Die-ins and calls for action in Kelowna, Kamloops legs of Global Climate Strike - InfoNews

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Die-ins and calls for action in Kelowna, Kamloops legs of Global Climate Strike

Kelowna had a die in today for the Global Climate Strike.
September 20, 2019 - 4:58 PM

KELOWNA - Kelowna’s Bernard Avenue was brought to a standstill for one minute today, Sept. 20, as participants in the global climate strike lay down for a “die-in.”

The car-stopping and honk-prompting act of civil disobedience was led by Ana Ciocoiu. She’s from a group called Extinction Rebellion, which had partnered with Kelowna Climate Save and Kelowna Youth Climate Action to put the rally together, and the die-in capped off a couple of hours of speeches and rallying in front of city hall.

During her turn at the microphone Ciocoiu, like the speakers before her, implored the hundreds gathered to consider acting now on behalf of the environment and demand world leaders gathering at a UN climate summit adopt urgent measures to avert environmental catastrophe.

“I’m not here to give a message of hope,” Ciocoiu said. “We’ve gone too far to be hopeful, but we can be strong.”

A protestor at Kelowna's Global Climate Strike rally wore a symbolic mask.
A protestor at Kelowna's Global Climate Strike rally wore a symbolic mask.

Making environmentally conscientious choices is something that many of those gathered have taken to heart long ago. 

“We base our entire lifestyle on creating the least harm to the planet,” said Kevin Trowbridge, who was at the event with his wife Katherine and two children.

Katherine said she brought her children there because she feels a sense of urgency that was amplified when they entered the world.

“I think this quote from Greta Thunberg says it best,” Katherine said, pointing to the sign with the now-famous line; “I want you to act as if your house is on fire because it is.”

“What we are facing is an immediate problem — it’s urgent and no one is taking it seriously in politics. But people are starting to rise up and create change.”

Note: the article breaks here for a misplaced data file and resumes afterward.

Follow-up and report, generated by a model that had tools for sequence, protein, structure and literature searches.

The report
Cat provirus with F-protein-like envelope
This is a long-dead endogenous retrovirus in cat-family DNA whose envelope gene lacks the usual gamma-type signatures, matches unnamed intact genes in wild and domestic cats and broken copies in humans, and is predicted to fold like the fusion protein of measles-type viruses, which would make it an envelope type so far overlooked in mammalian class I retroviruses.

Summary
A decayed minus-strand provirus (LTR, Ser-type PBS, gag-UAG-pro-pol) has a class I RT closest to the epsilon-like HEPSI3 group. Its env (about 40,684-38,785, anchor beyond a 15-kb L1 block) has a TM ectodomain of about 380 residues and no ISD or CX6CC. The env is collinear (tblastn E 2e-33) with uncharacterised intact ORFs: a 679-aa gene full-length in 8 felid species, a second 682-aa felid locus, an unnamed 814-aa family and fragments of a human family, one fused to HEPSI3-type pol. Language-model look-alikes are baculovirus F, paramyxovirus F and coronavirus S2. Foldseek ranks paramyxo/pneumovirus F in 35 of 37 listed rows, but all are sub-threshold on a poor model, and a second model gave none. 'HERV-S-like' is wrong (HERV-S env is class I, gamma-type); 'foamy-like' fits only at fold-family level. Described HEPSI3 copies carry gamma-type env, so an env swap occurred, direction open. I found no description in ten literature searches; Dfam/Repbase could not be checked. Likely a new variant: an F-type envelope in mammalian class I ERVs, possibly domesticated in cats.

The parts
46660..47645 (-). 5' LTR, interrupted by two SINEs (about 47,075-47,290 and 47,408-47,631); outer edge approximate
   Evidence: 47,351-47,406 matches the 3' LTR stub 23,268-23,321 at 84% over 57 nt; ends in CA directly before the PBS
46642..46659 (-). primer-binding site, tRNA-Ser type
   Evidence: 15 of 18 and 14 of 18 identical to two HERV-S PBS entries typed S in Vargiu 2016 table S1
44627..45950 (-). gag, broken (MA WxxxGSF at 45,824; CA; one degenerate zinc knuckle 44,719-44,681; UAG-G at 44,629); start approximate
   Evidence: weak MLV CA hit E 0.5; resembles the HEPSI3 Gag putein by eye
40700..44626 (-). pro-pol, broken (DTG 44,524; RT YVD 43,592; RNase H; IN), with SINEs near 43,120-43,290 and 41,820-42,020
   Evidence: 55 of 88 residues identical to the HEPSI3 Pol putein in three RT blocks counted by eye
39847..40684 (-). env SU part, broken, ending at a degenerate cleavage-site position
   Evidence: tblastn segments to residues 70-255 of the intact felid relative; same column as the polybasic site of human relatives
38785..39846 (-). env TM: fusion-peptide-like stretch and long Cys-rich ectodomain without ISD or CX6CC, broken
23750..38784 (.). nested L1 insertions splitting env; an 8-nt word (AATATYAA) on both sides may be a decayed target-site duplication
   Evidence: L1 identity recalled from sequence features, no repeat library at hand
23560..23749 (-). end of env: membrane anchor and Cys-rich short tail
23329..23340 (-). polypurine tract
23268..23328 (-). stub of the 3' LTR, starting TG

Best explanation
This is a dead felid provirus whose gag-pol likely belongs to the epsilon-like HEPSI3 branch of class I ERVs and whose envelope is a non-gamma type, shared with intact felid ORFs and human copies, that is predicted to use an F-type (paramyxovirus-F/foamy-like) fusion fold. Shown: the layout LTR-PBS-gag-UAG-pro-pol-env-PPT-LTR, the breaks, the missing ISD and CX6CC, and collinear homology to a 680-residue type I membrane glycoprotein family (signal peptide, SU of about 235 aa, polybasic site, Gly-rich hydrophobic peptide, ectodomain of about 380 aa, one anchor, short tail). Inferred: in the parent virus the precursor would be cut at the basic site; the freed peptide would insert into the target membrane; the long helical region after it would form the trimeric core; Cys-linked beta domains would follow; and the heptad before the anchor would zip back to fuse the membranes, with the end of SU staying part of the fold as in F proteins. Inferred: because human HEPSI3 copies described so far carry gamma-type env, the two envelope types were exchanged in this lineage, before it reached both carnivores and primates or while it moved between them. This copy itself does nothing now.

Katherine and Kevin have been vegans for 20 years and while veganism is hardly new, there are more people who are adapting to that lifestyle for global reasons. Others aren't swayed.

“When I mention animal agriculture leading cause of climate crisis, people are unaware or they slough it off,” Katherine said.

Kevin and Isadora Trowbridge took part in the Global Climate Strike in Kelowna.
Kevin and Isadora Trowbridge took part in the Global Climate Strike in Kelowna.

“The UN has come out and said it’s the number one cause of climate change… it causes deforestation and compromises water quality and uses huge amount of food we could feed other people with.”

Candidates for the NDP, Green and Marijuana parties for both Kelowna-Lake Country and Central Okanagan-Similkameen-Nicola were at the Okanagan rally.

All took a moment to speak and to point out that none of the Liberal or Conservative candidates were there, implying that it was a representation of where they stood on environmental issues.

It was a similar situation in Kamloops, which held their strike at the same time as Kelowna. Iain Currie, the Green party candidate for the Kamloops-Thompson-Cariboo and Kira Cheeseborough of the Animal Protection party were the only candidates in attendance. 

That was bothersome to attendee Marianne Ferguson who said she was disappointed by the lack of support from politicians and school officials.

“I'm out here to support children and support the earth,” Ferguson said.

“I’m really disappointed that Cathy McLeod isn't here and that more of the people who are running aren't here to support our kids. And I'm also really disappointed that the schools aren't supporting their kids to come out. I'm disappointed that my nieces didn't even know about it. I think its really important that the schools at least support it.”

Cara Humphreys was at the Kamloops climate strike to advocate for a better future for her child.
Cara Humphreys was at the Kamloops climate strike to advocate for a better future for her child.

Currie said he was there not as a candidate, however, but as a person concerned for the well-being of future generations.

“What worries all of us here is that they are not going to have a safe, prosperous world," Currie said.

"They are going to be dealing with the increasing effects and impacts of the climate crisis and they're not going to have air to breathe and trees and grass and sunshine to enjoy and they are going to be battling floods and fires and record heatwaves and essentially not enjoying all the things that I have been incredibly fortunate to have had benefited from  while living in this area.”

High school students left school for the day to protest for better environmental policy.
High school students left school for the day to protest for better environmental policy.

 The Kamloops event was organized by 17-year-old Kate Nanson, and who says her fourth climate strike has brought in a bigger crowd than ever before.

“There were all sorts of people, people who were there maybe for their grandchildren, because they want to support them even though they might not be around for all the changes that are going to come,” Nanson said. “There were also some parents there with their young children that came to support it.”


To contact a reporter for this story, email Jenna Wheeler or call (250) 819-6089 or email the editor. You can also submit photos, videos or news tips to the newsroom and be entered to win a monthly prize draw.

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